As has been expected for months, the Biden Administration on Monday issued an executive order laying out standards and basic regulations for safety and security around artificial intelligence.
Calling these "the most sweeping actions ever taken to protect Americans from the potential risks of AI systems," the order establishes a framework of expectations for AI companies as they continue to develop new tools and technologies. The order follows meetings at the White House and on Capitol Hill with the leaders of major AI companies, including OpenAI's Sam Altman and Google's Sundar Pichai, and it comes ahead of a major AI safety summit this week in the UK called by Prime Minister Rishi Sunak.
"AI can help government deliver better results for the American people," says the administration in the order. "It can expand agencies’ capacity to regulate, govern, and disburse benefits, and it can cut costs and enhance the security of government systems. However, use of AI can pose risks, such as discrimination and unsafe decisions."
Among other initial regulations, the executive order requires companies to loop the federal government in as it is performing safety tests of any new AI tool, in accordance with the Defense Production Act. And the order directs the Department of Commerce to "develop guidance for content authentication and watermarking to clearly label AI-generated content," in an effort to combat deep-fake videos and the like.
Further, the order states:
The National Institute of Standards and Technology will set the rigorous standards for extensive red-team testing to ensure safety before public release. The Department of Homeland Security will apply those standards to critical infrastructure sectors and establish the AI Safety and Security Board. The Departments of Energy and Homeland Security will also address AI systems’ threats to critical infrastructure, as well as chemical, biological, radiological, nuclear, and cybersecurity risks.
When it comes to issues of civil rights and the application of AI in criminal justice — such as in sentencing — the order recommends "developing best practices" around teh AI applications, but doesn't go much further. As TechCrunch notes, "some might interpret the order as lacking real teeth, as much of it seems to be centered around recommendations and guidelines."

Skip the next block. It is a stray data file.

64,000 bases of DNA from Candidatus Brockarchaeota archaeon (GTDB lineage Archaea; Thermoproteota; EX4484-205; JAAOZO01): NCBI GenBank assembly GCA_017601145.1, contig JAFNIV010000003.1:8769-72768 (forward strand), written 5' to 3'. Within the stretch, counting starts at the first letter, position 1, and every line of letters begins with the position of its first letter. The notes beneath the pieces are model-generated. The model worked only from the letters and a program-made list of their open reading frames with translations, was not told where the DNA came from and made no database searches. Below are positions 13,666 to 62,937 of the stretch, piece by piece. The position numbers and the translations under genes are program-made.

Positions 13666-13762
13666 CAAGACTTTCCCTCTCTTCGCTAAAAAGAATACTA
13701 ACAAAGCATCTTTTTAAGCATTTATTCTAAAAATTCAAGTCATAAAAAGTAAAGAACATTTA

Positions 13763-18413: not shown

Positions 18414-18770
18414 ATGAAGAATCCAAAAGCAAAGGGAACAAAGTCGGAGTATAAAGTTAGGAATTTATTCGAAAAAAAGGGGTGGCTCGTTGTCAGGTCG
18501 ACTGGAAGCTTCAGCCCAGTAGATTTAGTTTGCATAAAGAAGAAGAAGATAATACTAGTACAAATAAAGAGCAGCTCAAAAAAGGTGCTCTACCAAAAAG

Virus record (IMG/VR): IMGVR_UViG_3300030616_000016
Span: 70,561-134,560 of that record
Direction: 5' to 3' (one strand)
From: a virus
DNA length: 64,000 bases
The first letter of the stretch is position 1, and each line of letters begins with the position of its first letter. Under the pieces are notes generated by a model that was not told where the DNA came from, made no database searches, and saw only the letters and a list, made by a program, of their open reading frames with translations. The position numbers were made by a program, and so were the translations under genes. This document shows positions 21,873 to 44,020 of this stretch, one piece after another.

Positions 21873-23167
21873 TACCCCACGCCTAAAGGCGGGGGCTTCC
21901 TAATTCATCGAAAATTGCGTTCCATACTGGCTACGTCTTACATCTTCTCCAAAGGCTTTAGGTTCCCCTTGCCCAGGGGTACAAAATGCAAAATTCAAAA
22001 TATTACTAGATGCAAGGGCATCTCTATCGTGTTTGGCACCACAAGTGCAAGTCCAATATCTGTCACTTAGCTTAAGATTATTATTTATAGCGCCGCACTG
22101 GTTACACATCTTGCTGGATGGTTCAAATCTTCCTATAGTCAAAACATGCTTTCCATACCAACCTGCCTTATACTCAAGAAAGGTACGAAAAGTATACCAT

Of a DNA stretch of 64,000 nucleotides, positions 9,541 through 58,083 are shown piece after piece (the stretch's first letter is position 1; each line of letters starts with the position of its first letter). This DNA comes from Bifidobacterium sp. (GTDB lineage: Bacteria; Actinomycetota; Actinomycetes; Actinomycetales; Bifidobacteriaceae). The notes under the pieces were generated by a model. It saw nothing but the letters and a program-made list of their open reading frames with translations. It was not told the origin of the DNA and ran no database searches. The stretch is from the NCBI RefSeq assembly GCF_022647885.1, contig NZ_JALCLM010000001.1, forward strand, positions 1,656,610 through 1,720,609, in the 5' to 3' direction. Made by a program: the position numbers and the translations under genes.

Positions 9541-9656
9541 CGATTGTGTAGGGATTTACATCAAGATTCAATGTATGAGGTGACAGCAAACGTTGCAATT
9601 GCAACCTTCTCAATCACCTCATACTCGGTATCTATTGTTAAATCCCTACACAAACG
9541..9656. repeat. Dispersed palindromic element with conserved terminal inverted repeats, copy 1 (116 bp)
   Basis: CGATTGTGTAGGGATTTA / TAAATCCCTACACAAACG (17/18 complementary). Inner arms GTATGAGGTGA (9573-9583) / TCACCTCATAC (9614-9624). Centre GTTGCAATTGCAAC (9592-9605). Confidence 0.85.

Those "real teeth" would come from actual legislation passed in Congress, but as we all know, Republicans aren't really capable of cooperating on anything, and getting such legislation passed given the current state of Congress would be nearly impossible.
Altman of OpenAI has not yet commented on the order, but Jack Clark, co-founder and head of policy at SF-based Anthropic, said on X today, "We’re pleased to see such a heavy emphasis on testing and evaluating AI systems in the Executive Order. You can’t manage what you can’t measure, and with this order the government has made meaningful steps towards creating third-party measurement and oversight of AI systems."
St. Thomas University College of Law Professor Kevin Frazier says in a comment to the Chronicle, "On the whole, this EO outlines several meaningful steps, but its effectiveness is highly dependent on execution."
Frazier adds, "I would also like to see the Administration and Congress recognize that this is too important of a regulatory challenge to leave up to folks on the Hill and AI lab leaders."
The order addresses issues of consumer privacy and the potential harm to workers as well. The administration calls on Congress "to pass bipartisan data privacy legislation to protect all Americans, especially kids." And it vaguely directs someone in government, or in the AI industry, to "Develop principles and best practices to mitigate the harms and maximize the benefits of AI for workers by addressing job displacement; labor standards; workplace equity, health, and safety; and data collection."
"The Biden-Harris Administration will continue working with other nations to support safe, secure, and trustworthy deployment and use of AI worldwide," the order states. This will include "lead[ing] an effort to establish robust international frameworks for harnessing AI’s benefits and managing its risks and ensuring safety."
Photo via 2001: A Space Odyssey/MGM